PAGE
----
COMPENSATORY PLASTIC EFFECTS IN THE REDESIGN OF PROTEIN-ZINC BINDING SITES
[CAH2_HUMAN] Defects in CA2 are the cause of osteopetrosis autosomal recessive type 3 (OPTB3) [MIM:259730]; also known as osteopetrosis with renal tubular acidosis, carbonic anhydrase II deficiency syndrome, Guibaud-Vainsel syndrome or marble brain disease. Osteopetrosis is a rare genetic disease characterized by abnormally dense bone, due to defective resorption of immature bone. The disorder occurs in two forms: a severe autosomal recessive form occurring in utero, infancy, or childhood, and a benign autosomal dominant form occurring in adolescence or adulthood. Autosomal recessive osteopetrosis is usually associated with normal or elevated amount of non-functional osteoclasts. OPTB3 is associated with renal tubular acidosis, cerebral calcification (marble brain disease) and in some cases with mental retardation.    
[CAH2_HUMAN] Essential for bone resorption and osteoclast differentiation (By similarity). Reversible hydration of carbon dioxide. Can hydrate cyanamide to urea. Involved in the regulation of fluid secretion into the anterior chamber of the eye. 
Publication Abstract from PubMed
In order to probe the structural importance of zinc ligands in the active site of human carbonic anhydrase II (CAII), we have determined the three-dimensional structures of H94C (in metal-bound form), H94C-BME (i.e., disulfide-linked with beta-mercaptoethanol), H94A, H96C, H119C, and H119D variants of CAII by X-ray crystallographic methods at resolutions of 2.2, 2.35, 2.25, 2.3, 2.2, and 2.25 A, respectively. Each variant crystallizes isomorphously with the wild-type enzyme, in which zinc is tetrahedrally coordinated by H94, H96, H119, and hydroxide ion. The structure of H94C CAII reveals the successful substitution of the naturally occurring histidine zinc ligand by a cysteine thiolate, and metal coordination by C94 is facilitated by the plastic structural response of the beta-sheet superstructure. Importantly, the resulting structure represents the catalytically active form of the enzyme reported previously [Alexander, R. S., Kiefer, L. L., Fierke, C. A., & Christianson, D. W. (1993) Biochemistry 32, 1510-1518]. Contrastingly, the structure of H96C CAII reveals that the engineered side chain does not coordinate to zinc; instead, zinc is tetrahedrally liganded by H94, H119, and two solvent molecules. Thus, the beta-sheet superstructure is not sufficiently plastic in this location to allow C96 to coordinate to the metal ion. Substitution of the thiolate or carboxylate group for wild-type histidine in H119C and H119D CAIIs reveals that tetrahedral metal coordination is maintained in each variant; however, since there is no plastic structural response of the corresponding beta-strand, a longer metal-ligand separation results.(ABSTRACT TRUNCATED AT 250 WORDS)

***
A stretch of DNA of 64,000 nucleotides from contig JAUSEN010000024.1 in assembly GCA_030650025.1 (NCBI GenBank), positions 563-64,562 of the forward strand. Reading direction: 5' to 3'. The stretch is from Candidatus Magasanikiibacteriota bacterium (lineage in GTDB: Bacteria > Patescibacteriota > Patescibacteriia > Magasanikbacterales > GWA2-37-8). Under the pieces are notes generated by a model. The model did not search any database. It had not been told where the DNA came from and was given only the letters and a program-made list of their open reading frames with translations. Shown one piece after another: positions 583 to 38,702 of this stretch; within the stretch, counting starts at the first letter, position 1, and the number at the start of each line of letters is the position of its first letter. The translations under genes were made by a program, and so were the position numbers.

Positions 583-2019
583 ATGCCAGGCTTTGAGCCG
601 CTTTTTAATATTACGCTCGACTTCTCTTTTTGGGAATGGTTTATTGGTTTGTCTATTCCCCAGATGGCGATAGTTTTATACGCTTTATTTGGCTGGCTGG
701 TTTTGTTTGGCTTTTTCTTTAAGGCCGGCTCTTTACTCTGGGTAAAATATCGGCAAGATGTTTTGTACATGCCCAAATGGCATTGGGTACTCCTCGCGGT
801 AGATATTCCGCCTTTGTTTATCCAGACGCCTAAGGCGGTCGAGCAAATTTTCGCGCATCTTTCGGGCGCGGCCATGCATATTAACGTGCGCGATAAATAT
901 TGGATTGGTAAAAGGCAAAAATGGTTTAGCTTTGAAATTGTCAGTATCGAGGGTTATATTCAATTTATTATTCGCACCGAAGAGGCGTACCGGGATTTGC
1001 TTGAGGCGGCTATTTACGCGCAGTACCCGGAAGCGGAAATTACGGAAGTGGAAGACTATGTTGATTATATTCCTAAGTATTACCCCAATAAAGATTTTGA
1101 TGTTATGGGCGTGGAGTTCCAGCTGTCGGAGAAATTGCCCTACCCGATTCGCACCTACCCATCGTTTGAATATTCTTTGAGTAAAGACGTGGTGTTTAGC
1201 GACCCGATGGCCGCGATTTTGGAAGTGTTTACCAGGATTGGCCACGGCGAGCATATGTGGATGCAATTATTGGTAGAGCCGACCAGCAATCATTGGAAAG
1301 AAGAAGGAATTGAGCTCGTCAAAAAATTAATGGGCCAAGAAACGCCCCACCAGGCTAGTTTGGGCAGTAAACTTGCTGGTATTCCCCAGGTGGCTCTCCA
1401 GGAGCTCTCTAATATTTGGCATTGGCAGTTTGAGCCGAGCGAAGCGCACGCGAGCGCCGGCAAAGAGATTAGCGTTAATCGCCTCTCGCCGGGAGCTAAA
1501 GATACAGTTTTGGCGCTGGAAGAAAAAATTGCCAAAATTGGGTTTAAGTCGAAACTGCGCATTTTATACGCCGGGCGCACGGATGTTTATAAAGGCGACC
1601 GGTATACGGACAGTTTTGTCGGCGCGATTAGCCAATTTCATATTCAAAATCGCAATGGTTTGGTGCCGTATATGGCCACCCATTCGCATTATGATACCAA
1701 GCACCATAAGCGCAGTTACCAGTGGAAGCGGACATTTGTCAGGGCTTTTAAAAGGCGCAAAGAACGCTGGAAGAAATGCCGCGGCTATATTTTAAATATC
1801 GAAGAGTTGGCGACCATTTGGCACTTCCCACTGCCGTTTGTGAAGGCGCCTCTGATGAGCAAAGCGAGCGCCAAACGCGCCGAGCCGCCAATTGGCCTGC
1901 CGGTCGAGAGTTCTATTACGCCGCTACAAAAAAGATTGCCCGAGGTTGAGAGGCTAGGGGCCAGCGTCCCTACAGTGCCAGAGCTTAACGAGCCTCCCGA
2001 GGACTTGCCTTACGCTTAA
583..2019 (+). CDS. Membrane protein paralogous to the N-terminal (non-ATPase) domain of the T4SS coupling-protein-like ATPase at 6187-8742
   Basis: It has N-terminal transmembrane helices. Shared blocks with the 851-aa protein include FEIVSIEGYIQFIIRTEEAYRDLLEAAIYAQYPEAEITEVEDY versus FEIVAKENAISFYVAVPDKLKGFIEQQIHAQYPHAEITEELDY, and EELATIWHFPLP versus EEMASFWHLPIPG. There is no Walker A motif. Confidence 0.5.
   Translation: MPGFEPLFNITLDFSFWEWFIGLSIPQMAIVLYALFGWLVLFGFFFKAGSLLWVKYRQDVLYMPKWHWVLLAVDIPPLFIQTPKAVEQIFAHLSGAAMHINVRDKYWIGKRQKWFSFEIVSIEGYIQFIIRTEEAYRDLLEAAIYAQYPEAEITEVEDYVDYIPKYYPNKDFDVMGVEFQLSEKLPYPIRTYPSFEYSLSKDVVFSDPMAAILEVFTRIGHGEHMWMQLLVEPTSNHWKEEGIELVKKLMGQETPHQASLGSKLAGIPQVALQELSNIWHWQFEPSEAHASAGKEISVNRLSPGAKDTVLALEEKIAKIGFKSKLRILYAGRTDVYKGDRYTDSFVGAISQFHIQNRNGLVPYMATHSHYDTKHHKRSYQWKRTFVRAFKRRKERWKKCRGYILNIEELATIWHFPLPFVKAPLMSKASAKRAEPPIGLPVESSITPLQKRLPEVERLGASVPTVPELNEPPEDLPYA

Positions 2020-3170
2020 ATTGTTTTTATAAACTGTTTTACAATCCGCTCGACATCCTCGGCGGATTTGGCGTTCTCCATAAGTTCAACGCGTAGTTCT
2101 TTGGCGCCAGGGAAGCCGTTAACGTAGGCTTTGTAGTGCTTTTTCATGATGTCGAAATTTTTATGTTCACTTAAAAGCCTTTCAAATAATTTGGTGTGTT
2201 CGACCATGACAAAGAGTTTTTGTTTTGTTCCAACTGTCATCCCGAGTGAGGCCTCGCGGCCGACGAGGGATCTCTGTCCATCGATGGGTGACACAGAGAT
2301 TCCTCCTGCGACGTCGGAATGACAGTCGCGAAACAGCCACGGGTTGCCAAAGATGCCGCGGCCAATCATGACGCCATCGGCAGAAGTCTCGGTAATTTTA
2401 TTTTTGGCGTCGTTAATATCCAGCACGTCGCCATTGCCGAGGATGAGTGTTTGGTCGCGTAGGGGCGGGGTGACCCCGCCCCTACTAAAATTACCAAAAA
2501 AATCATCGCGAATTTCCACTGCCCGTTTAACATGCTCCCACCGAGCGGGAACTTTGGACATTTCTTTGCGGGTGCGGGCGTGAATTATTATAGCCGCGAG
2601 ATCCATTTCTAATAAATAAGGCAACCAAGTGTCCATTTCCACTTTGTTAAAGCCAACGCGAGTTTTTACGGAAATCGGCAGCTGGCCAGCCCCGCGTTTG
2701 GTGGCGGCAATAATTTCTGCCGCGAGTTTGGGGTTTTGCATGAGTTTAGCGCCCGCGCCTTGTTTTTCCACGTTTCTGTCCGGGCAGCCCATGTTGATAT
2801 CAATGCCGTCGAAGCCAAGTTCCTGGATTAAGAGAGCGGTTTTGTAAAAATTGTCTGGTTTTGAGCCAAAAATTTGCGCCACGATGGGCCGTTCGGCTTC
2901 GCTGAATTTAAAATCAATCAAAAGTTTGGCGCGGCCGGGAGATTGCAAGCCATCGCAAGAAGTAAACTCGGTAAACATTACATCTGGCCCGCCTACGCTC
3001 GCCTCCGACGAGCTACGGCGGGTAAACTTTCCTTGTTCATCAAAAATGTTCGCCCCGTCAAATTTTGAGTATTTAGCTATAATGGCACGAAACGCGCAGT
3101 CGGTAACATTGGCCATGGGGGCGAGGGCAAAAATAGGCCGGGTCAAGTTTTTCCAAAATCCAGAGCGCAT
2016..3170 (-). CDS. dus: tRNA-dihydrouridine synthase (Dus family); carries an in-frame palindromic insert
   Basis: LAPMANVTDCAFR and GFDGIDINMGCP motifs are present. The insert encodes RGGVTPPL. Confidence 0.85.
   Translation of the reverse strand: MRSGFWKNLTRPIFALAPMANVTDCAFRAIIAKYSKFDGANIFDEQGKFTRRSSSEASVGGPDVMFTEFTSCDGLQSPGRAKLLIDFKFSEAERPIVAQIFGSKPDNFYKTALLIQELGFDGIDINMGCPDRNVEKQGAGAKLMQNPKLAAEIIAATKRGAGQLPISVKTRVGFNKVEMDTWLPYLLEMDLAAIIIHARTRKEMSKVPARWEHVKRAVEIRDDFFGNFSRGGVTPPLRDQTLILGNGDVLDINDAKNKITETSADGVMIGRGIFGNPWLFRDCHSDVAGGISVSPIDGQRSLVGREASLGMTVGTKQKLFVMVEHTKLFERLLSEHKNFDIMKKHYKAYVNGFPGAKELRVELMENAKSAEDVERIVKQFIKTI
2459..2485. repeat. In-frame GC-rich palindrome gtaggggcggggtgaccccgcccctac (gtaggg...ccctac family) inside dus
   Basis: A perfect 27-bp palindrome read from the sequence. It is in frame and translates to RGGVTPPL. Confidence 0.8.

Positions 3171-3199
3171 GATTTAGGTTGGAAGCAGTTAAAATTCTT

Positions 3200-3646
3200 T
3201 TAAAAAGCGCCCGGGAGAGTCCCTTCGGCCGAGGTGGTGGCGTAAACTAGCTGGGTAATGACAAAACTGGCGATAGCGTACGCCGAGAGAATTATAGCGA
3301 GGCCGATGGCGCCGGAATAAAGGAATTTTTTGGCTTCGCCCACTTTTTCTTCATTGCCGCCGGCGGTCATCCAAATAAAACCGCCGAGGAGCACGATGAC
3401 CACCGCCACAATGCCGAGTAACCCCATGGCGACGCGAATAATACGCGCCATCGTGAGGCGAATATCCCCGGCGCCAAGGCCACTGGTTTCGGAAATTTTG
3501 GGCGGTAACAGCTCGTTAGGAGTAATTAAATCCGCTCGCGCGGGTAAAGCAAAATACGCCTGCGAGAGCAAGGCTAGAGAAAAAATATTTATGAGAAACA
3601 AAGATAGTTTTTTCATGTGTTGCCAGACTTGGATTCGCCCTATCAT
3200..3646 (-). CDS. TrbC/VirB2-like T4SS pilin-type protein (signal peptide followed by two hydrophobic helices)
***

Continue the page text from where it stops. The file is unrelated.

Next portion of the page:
Structural consequences of redesigning a protein-zinc binding site.,Ippolito JA, Christianson DW Biochemistry. 1994 Dec 27;33(51):15241-9. PMID:7803386
From MEDLINE®/PubMed®, a database of the U.S. National Library of Medicine.